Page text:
On the 15th, was again ordered to march. Turning backward, the brigade was marched 4 miles west of Clinton, on the Vicksburg road. Thence, on the 16th, we pushed steadily onward until 12 m. Was ordered into position by the division commander on the south side of the road at Champion's Hill and in the rear of General Hovey's division, then fiercely engaged with the enemy. We moved steadily forward in two lines about 700 yards, when orders were received to halt, and move by the right flank across the main road to the balance of the Seventeenth Army Corps, which was being done when the orders were again countermanded, and Colonel Lagow, of Major-General Grant's staff'. brought orders from General Grant for us to move instantly to the support of General Hovey's division, then being forced back by a superior force of the enemy. This brigade was instantly faced about, and moved by the left flank, double-quick, up the hill, through a scorching fire, the Ninety-third Illinois being in advance, followed by the Tenth Iowa, Twenty-sixth Missouri, and Fifth Iowa. Pushing forward until the whole line was on the summit of the ridge, the brigade was ordered to move by the right flank and commence firing, which was done steadily, the Ninety-third Illinois and Tenth Iowa moving down into the hollow, and, having the men of General Hovey's division constantly passing through their ranks, became exposed to the murderous fire from the left flank, which was turned by the enemy. They fell back slowly to the brow of the hill, near the position first taken, and held it, pouring in their fire until their cartridges were exhausted and they were relieved by the Seventeenth Iowa.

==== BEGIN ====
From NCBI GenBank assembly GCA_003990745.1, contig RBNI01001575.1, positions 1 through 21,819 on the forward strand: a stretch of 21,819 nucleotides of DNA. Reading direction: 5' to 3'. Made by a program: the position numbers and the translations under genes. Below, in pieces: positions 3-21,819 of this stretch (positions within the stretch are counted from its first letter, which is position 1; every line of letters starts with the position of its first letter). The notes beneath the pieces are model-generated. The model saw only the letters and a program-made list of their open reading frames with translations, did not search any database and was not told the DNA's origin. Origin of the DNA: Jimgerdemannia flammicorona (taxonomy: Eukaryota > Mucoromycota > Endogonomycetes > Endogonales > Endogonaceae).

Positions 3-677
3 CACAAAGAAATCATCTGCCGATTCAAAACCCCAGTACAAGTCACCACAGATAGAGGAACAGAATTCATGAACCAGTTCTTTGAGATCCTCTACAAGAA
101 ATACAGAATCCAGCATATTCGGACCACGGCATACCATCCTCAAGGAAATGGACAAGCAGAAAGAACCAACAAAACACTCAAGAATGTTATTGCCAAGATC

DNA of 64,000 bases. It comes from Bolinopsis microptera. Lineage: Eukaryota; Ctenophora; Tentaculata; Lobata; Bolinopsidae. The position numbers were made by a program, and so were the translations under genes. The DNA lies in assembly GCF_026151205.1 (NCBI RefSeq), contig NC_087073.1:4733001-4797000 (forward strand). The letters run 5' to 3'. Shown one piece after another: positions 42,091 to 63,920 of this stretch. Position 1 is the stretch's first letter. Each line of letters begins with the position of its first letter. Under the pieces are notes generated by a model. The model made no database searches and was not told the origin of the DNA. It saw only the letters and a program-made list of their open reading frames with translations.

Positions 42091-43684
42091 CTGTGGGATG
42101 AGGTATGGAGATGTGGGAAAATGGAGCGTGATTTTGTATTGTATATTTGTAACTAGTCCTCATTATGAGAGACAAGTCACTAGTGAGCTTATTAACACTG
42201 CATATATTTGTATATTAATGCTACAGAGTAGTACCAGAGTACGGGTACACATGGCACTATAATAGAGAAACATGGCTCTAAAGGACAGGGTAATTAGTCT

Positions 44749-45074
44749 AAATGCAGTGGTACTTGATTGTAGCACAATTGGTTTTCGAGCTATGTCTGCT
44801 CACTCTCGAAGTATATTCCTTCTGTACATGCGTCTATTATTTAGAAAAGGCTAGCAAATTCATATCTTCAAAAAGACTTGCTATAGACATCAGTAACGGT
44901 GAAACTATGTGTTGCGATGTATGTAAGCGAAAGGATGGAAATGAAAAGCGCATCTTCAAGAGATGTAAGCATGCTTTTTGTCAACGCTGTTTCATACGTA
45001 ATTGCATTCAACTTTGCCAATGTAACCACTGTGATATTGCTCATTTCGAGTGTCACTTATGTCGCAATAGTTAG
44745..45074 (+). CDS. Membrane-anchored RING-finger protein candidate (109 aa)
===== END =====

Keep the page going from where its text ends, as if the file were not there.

The enemy by this time being checked, were breaking and commenced their retreat. The Twenty-sixth Missouri, upon being faced to the front, commenced firing. They, being in plain view of the enemy, were also exposed to the flanking fire, and were ordered to change front to the rear on first company, which was done steadily, and gave the regiment a position somewhat sheltered by a gully in the side of the hill, from which they kept up a constant fire upon the enemy, materially aiding the two regiments of our left in checking them. Their position again becoming exposed to a flank fire, they were ordered to fall back under the crest of the hill, a few yards distant, again changing front, which position they held until their cartridges were exhausted and they were ordered to the rear for ammunition, and formed on the right of the Ninety-third Illinois and Tenth Iowa. The Fifth Iowa, upon facing to the front, charged down the hill and up to the crest of the next one beyond, from which position they poured in a constant fire at short range on the faltering battalions of the enemy, when Lieutenant-Colonel Sampson, commanding the regiment, observing that our left was being turned by the enemy, ordered his regiment to fall back to the crest of the next ridge, which position he maintained until the close of the action; then withdrew and took up position on the left of the brigade, replenishing cartridges. Our loss in this action was very severe.
O Officers. A Aggregate M Enlisted Men.
The officers and men of this command all behaved with
extraordinary coolness and courage under circumstances the most trying.
I cannot, therefore, consistently mention the names of one before
another, but was greatly indebted to all the regimental commanders for
their assistance in this terrible ordeal. We took 150 prisoners from the
enemy and turned them over to the provost-marshal. At 6 p.m., the enemy
being routed, we again moved forward 3 miles and halted for the night.
Capt. ROBERT C. CROWELL,